May 8 (Bloomberg) -- John Brennan, director of the Central Intelligence Agency, picked an undercover officer as the new head of the agency’s national clandestine service, passing over a woman who had been serving as the acting chief.
The new head of the clandestine service, which oversees covert operations and recruits foreign spies, is a man who has been a long-serving officer with “rich, substantive and operational experiences worldwide” during his almost 30-year CIA career, agency spokeswoman Maria Escalante said yesterday in an e-mail. This is the first time since 2007 that a serving officer rather than a retired spy has been named to the job, Escalante said.
The woman who held the job in an acting capacity also remains undercover and is a “highly valued officer,” Escalante said. Both people remain undercover so they weren’t identified by the agency.
The acting chief wasn’t chosen because she was associated with the CIA’s interrogation program, which is said to have resorted to torture to elicit information from al-Qaeda suspects, said Reuel Marc Gerecht, a former CIA case officer who’s now a fellow at the Foundation for Defense of Democracies.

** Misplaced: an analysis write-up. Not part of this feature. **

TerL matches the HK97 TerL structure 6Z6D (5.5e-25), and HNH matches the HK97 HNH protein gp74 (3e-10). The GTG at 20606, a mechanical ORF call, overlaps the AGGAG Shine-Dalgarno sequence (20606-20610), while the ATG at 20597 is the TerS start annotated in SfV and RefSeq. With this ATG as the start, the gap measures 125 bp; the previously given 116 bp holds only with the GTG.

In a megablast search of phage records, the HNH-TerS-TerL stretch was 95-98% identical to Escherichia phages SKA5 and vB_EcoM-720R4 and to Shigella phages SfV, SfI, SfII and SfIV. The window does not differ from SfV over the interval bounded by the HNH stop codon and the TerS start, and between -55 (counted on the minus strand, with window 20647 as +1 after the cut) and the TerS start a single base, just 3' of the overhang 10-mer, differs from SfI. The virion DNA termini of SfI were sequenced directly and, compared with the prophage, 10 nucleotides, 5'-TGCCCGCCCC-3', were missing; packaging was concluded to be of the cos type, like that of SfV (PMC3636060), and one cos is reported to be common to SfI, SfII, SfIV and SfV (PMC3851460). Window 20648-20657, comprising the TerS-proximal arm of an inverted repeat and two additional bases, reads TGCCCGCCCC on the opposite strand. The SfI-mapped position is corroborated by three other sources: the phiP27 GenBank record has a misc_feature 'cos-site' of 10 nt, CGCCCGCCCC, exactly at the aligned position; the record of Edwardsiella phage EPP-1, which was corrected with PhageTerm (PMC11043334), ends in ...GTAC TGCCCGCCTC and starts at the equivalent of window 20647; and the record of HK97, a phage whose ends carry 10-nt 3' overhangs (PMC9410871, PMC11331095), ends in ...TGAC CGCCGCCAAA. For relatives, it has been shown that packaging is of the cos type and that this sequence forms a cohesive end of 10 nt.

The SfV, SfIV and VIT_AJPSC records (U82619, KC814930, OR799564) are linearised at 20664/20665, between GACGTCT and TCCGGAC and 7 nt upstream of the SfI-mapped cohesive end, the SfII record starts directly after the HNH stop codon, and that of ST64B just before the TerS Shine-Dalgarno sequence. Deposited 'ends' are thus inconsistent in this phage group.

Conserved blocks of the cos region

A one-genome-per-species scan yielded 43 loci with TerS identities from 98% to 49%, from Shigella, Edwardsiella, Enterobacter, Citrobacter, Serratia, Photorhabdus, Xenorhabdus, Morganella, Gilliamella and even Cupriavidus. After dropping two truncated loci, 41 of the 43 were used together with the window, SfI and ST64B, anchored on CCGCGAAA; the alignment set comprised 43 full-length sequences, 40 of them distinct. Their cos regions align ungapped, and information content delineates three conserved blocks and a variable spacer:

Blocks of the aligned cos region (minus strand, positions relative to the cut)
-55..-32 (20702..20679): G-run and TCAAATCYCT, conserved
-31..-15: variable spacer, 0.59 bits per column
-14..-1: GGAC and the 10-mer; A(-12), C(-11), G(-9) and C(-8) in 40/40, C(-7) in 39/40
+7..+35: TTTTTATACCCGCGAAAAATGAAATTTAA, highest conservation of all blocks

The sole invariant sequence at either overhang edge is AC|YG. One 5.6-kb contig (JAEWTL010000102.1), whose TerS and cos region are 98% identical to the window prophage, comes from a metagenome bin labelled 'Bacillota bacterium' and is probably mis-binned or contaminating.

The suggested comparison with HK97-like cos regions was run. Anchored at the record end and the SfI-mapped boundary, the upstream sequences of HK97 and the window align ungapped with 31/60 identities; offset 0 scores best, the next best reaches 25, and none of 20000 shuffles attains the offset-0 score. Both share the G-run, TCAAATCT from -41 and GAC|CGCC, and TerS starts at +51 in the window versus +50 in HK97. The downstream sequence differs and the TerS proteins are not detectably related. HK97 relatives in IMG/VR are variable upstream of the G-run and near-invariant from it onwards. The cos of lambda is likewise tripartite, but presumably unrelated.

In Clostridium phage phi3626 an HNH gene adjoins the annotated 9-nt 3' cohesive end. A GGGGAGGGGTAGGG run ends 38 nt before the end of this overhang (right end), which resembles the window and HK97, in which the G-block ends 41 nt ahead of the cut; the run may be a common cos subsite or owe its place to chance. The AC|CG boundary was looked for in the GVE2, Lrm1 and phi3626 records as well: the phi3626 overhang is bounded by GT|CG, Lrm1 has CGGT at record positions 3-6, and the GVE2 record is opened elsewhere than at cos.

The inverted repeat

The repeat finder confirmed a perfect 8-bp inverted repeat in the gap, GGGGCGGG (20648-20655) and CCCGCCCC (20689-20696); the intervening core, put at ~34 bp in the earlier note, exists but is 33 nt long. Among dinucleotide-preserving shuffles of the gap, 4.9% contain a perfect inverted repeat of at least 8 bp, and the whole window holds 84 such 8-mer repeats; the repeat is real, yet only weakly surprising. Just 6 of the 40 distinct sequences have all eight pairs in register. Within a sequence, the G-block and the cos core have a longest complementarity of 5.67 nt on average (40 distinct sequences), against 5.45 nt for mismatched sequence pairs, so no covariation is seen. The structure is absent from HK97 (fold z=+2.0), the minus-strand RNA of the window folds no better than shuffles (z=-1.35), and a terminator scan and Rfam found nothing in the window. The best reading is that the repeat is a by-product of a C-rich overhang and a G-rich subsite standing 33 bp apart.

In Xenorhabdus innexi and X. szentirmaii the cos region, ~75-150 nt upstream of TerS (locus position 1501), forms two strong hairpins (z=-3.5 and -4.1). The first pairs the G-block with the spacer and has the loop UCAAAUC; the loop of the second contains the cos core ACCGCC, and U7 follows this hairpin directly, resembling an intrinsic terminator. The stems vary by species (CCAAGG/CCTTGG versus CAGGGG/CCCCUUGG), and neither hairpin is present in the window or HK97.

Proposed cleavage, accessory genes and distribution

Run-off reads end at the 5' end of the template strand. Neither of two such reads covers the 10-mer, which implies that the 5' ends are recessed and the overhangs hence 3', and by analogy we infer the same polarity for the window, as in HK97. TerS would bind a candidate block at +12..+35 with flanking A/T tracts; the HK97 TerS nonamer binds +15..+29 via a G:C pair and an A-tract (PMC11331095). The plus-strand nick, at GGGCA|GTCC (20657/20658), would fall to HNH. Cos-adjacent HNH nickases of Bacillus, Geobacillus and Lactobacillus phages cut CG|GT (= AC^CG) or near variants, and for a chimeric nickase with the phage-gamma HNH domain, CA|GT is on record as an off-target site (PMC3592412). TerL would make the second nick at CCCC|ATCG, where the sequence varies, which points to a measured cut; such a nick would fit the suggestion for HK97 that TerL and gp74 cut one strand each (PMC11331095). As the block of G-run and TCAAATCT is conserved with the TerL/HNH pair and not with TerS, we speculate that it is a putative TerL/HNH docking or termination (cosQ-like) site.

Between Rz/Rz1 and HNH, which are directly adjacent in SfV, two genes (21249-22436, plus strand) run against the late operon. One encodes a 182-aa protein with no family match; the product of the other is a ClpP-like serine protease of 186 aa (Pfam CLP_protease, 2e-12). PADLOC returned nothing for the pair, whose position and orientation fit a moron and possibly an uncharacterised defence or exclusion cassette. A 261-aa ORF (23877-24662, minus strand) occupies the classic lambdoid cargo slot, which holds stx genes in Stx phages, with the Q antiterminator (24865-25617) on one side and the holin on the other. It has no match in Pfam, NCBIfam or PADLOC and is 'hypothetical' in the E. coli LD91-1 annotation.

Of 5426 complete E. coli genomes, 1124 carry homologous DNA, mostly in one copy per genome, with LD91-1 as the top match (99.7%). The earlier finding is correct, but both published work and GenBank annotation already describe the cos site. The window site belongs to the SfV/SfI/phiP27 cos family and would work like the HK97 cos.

The CIA’s Escalante disputed that view, saying the woman wasn’t overlooked because of that past association.
“The assertion that she was not chosen because of her affiliation with the CT mission is absolutely not true,” Escalante said referring to counterterrorism.
Gerecht said he didn’t know the woman involved “but I’ve spoken to two active officers and both have nice things to say” about her.
Because the job of the spy division chief involves working with Congress, Brennan probably didn’t want a person that Senate Democrats don’t like, Gerecht said.
Senator Dianne Feinstein, chairman of the Senate Intelligence committee, had spoken with Brennan about the woman who was under consideration for the spy chief’s job, “but hasn’t spelled out what her concerns were,” the senator’s spokesman Brian Weiss said in a phone interview.
Feinstein, a California Democrat, is “supportive of the appointment” announced yesterday by Brennan, Weiss said.
In December, the committee headed by Feinstein completed a a three-year investigation into the CIA’s detention and interrogation program that followed the Sept. 11, 2001, terrorist attacks.
The 6,000-page report, which remains classified, uncovered “startling details” about the agency’s operations and “raises critical questions about intelligence operations and oversight,” Feinstein said in a statement at the time.
Brennan also announced two other top appointments at the CIA, both of them women, Escalante said. Meroe Park, who is currently head of the agency’s human resources, will become the executive director, and Deb Bonk will be the next chief of staff, Escalante said.
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